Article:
The volume’s last two articles are devoted to the de Menil Collection in Houston and the Smithsonian’s National Museum of African Art. Marie-Thérèse Brincard recounts John and Dominique de Menil’s discovery of African art and how instinct was their guiding principle in building the collection. Dominique de Menil’s credo that the art had to speak to her also defined the way works were exhibited. In her museum, she sought to reconstruct the intimacy she had felt with her collection at home. A completely different mission underlay Warren Robbins’s founding of the Museum of African Art in Washington, DC, in the mid-1960s. This museum later became a national museum, integrated into the Smithsonian in 1979. Five of its curators (David Binkley, Bryna Freyer, Christine Mullen Kreamer, Andrea Nicolls, and Allyson Purpora) sketch the growth of this institution from a center for cross-cultural communication to one of the foremost American institutions exhibiting and collecting African art.
The specific focus of book is the representation of Africa in American art museums. Therefore, large, important, and older collections of material culture and art in American natural history museums are not considered. From a European perspective, this seems odd, as Europe’s most well-known and important collections of African art were assembled in natural history museums that only later converted into specialized ethnographic museums sometimes dedicating separate galleries to African art. It is understandable, though, from an American perspective; the histories of collecting are different, particularly from the mid-twentieth century onward, and this is beautifully laid out in this volume. Various collecting contexts are considered--university collections, individuals establishing art collections and making them public, and specialized departments within larger universal art museums. The selection of essays also shows how private collectors distributed their holdings to more than one museum, sometimes to allow a new focus in their collection, but also to increase their recognition, like Katherine White (Cleveland and Seattle Museums of Art) or Raymond Wielgus (Art Institute Chicago and Indiana University Art Museum).
The value of the anthology lies in its providing the possibility for comparison across institutions and reflection on how certain personalities and scholars have left their mark on the known corpus of African art. It is a significant addition to the history of African art studies, enlarging the comprehensive overviews of Daniel Biebuyck, Monni Adams, and Paula Ben-Amos Girshick with a new perspective. A comparable analysis of the representation and collecting strategies of the Chicago Field Museum, the University of Pennsylvania Museum of Archaeology and Anthropology in Philadelphia, the American Museum of Natural History in New York, the Peabody Museum for Archaeology and Ethnology at Harvard University, or the Smithsonian’s Natural History Museum would complete the picture. These institutions, despite not being art museums, own important collections of African art well worth considering.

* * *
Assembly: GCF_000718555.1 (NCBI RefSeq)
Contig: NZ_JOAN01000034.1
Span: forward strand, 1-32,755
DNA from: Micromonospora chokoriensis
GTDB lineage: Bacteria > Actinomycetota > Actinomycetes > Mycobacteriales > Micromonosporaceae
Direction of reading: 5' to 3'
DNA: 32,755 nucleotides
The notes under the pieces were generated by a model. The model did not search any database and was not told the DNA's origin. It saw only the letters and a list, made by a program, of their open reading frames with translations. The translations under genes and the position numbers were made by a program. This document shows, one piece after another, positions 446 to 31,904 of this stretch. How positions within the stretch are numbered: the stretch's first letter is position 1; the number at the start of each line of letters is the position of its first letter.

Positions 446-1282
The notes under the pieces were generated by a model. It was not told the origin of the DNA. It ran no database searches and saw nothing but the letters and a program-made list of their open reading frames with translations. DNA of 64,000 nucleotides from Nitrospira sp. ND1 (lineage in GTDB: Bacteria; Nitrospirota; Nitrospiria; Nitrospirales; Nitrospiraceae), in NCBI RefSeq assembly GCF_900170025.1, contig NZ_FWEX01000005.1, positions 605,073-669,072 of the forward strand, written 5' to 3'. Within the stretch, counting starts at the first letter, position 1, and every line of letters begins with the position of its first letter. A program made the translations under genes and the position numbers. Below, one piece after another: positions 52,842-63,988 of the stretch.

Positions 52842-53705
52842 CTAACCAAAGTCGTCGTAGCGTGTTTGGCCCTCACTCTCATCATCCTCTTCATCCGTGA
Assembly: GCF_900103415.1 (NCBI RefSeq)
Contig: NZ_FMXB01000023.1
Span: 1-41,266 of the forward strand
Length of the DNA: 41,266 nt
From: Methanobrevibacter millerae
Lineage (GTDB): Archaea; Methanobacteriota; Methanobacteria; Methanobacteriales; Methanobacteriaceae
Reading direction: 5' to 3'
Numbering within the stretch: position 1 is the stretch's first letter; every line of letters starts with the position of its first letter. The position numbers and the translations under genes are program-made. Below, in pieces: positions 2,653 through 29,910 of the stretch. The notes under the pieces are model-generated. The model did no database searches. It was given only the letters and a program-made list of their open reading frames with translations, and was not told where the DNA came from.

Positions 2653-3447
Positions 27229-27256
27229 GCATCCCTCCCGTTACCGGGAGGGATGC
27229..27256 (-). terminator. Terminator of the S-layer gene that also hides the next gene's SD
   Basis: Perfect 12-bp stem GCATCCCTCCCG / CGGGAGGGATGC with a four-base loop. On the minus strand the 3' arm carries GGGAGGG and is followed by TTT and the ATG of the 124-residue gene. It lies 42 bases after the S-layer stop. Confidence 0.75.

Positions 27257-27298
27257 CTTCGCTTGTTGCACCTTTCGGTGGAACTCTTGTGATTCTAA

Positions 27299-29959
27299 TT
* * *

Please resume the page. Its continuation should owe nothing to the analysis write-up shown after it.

. Susan Vogel, “Bringing African Art to the Metropolitan Museum,” African Arts 15, no. 2 (1980): 38-45; Doran Ross, “African Art at the Museum of Fine Arts, Houston,” African Arts 36, no. 3 (2003): 34-55, 94; and Christa Clarke, “Defining African Art: Primitive Negro Art and the Aesthetic Philosophy of Albert Barnes,” African Arts 36, no. 1 (2003): 40-51, 92.
. Monni Adams, “African Visual Arts from an Art Historical Perspective,” African Studies Review 32, no. 2 (1989): 55-103; Paula Girshick Ben-Amos, “African Visual Arts from a Social Perspective,” African Studies Review 32, no. 2 (1989): 1-53; Daniel Biebuyck, “African Art Studies since 1957: Achievements and Directions,” African Studies Review 26, nos. 3/4 (1983): 99-118.
(Vogel 1982, Clarke 2003, Ross 2003)
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Barbara Plankensteiner. Review of Berzock, Kathleen Bickford; Clarke, Christa, eds., Representing Africa in American Art Museums: A Century of Collecting and Display.